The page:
RSS planted the idea of demonetisation, says Rahul Gandhi
Rahul Gandhi made the remarks in the course of a series of interactive events with audiences that included policy experts, diplomats, scholars and British MPs.india Updated: Aug 25, 2018 00:05 IST
Congress president Rahul Gandhi on Friday compared the Rashtriya Swayamsevak Sangh to the Muslim Brotherhood, the radical Islamist organisation of the Arab world, and alleged the RSS wants to change the fundamental nature of India -- comments that the BJP condemned.
Gandhi made the remarks in the course of a series of interactive events with audiences that included policy experts, diplomats, scholars and British MPs. He said bad economic policy ideas such as demonetisation came from the RSS.
A “formidable alliance” was being stitched to ensure the defeat of the BJP in the 2019 elections, Gandhi said.
“The RSS is trying to change the nature of India. Other parties haven’t tried to capture India’s institutions,” Gandhi said at the International Institute of Strategic Studies (IISS), a London-based think-tank.
“The RSS’s idea is similar to the idea of the Muslim Brotherhood in the Arab world,” he said.
“We are fighting against attempts to impose rigid, hate-fuelled angry ideology of the RSS in the country, its attempts to capture and destroy institutions nurtured and developed over 70 years. There is a sustained attack on the weak,” he added.
The Muslim Brotherhood, founded in Egypt in 1928, is the oldest Islamist political group in the Arab world but several countries do not allow it to operate as a political party. Mohamed Badie, its leader, is currently in prison and it has been labelled a terror organisation by Egypt, Russia, Saudi Arabia and the UAE.
Gandhi targeted the RSS for the second time in as many days.
On Thursday, addressing the Indian diaspora at an event in Berlin, he said the Congress binds together the people of India while the BJP and RSS divides them and spreads hatred.
Hitting back, BJP spokesman Sambit Patra demanded Gandhi to apologies to 125 crore Indians and stop his job of acting as a “contract killer for the idea of India”. Patra reacted strongly to Gandhi likening the RSS to the Muslim Brotherhood and asked if a terrorist outfit was ruling India? “Are you suggesting that the government of India is working like a terrorist organsiation and expanding through invasion?” Patra asked Gandhi. “What Rahul Gandhi has done in London is unforgivable.”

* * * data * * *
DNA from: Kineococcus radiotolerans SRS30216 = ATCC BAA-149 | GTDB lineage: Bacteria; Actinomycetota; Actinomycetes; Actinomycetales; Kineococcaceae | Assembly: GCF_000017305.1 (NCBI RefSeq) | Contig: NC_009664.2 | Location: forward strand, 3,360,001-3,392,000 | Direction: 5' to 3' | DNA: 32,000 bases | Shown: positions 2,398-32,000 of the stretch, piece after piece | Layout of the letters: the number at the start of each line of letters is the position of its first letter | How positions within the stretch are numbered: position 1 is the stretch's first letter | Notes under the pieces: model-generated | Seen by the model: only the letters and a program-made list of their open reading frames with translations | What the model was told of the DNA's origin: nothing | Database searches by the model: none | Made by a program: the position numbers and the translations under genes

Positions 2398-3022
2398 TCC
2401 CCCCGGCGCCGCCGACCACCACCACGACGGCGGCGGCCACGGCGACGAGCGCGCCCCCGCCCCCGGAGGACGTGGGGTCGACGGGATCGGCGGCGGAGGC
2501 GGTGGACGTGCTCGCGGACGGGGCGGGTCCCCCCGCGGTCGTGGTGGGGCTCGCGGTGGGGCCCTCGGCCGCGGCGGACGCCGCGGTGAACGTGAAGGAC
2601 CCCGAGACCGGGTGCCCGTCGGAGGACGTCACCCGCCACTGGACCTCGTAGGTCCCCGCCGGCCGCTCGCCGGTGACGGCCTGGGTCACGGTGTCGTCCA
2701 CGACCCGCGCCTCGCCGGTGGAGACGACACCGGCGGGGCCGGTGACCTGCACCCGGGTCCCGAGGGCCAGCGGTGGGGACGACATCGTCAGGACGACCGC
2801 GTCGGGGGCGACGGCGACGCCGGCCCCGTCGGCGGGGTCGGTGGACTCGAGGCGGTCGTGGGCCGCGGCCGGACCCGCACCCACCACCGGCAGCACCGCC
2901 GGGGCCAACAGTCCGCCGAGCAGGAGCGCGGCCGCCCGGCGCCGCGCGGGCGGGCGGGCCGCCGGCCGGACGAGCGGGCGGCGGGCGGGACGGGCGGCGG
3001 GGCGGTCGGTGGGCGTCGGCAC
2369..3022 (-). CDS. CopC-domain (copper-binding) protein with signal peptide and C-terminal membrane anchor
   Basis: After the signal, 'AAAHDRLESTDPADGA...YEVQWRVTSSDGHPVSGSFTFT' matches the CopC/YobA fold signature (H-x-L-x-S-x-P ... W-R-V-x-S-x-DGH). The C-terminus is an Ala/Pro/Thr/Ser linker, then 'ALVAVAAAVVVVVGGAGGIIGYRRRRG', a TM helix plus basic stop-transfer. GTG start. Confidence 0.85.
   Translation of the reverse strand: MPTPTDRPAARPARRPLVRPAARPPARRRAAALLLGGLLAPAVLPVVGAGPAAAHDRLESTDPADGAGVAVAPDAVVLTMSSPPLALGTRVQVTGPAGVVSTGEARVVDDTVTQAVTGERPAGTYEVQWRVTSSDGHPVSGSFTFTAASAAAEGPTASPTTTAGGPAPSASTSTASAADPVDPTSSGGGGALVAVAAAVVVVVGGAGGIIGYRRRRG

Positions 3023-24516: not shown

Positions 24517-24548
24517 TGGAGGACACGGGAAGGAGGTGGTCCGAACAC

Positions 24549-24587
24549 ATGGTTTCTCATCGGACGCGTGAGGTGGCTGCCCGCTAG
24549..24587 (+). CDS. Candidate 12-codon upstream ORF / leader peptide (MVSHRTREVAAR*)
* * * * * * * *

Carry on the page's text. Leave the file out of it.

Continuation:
Gandhi also spoke on other issues such as India’s relations with China. The alleged presence of Chinese troops in the Doklam region reflects the Narendra Modi government’s “episodic” and “event-centric” approach to foreign policy, he said as he listed a catalogue of the administration’s perceived failures.
Describing the Modi government’s handling of the standoff with China at Doklam as an example of its alleged failure, Gandhi said the face-off was not a one-off event but part of a sequence of events. He regretted that instead of viewing it as part of a process, the government had an “episodic” approach to it.
“This government has an event-centric perspective. Doklam is part of a process; he (Modi) sees it as an event. The truth is that the Chinese are still there. If we were in power, Doklam would not have happened,” Gandhi said at the IISS.
“On Pakistan too, the Modi government lacks a coherent strategy, but sees it as episodic. The problem is who do you talk to in Pakistan, which institution do you talk. They have institutions that hate us, promote terror in our country, we don’t want to talk to them.”
Gandhi cited the experience of former prime minister Atal Behari Vajpayee, whose initiatives with the civilian government in Islamabad were undermined by other institutions in the country, through events such as the Kargil intrusions.
While expounding on the Modi government’s foreign policy, Gandhi took a swipe at the alleged domination of the foreign ministry by the Prime Minister’s Office, saying the “capable” minister, Sushma Swaraj, would have achieved something if she were allowed to work, instead of being confined to responding to visa requests on Twitter.
Gandhi told a gathering in the Grand Committee Room in Westminster that the Congress has succeeded in “completely dismantling” the idea that the Modi government is a success by highlighting what he called its “insane economic policies” such as demonetisation.
“There is a job crisis in India. China is creating 50,000 jobs in 24 hours, India is creating 450. These are not my figures but government of India data. The jobs will come from small and medium enterprises but the Modi government focuses only on some big businessmen,” he said.
According to him, Modi is “not allowing Indians to express themselves”, while the Congress wants to return the country to the “old India” of pre-2014, of social inclusion, when journalists and those holding differing views did not face threats to life and limb.
“You will feel the weight of a combined opposition in the coming assembly and general elections. Look at the arithmetic, in Uttar Pradesh and Bihar, if the opposition come together, the BJP cannot even win five seats; and if they don’t do well in these states, they cannot win the election,” Gandhi said.
The event in Parliament was hosted by senior Labour MP Keith Vaz and attended by party MPs Virendra Sharma and Seema Malhotra. Gandhi also addressed students at the London School of Economics on Friday evening.
First Published: Aug 24, 2018 23:30 IST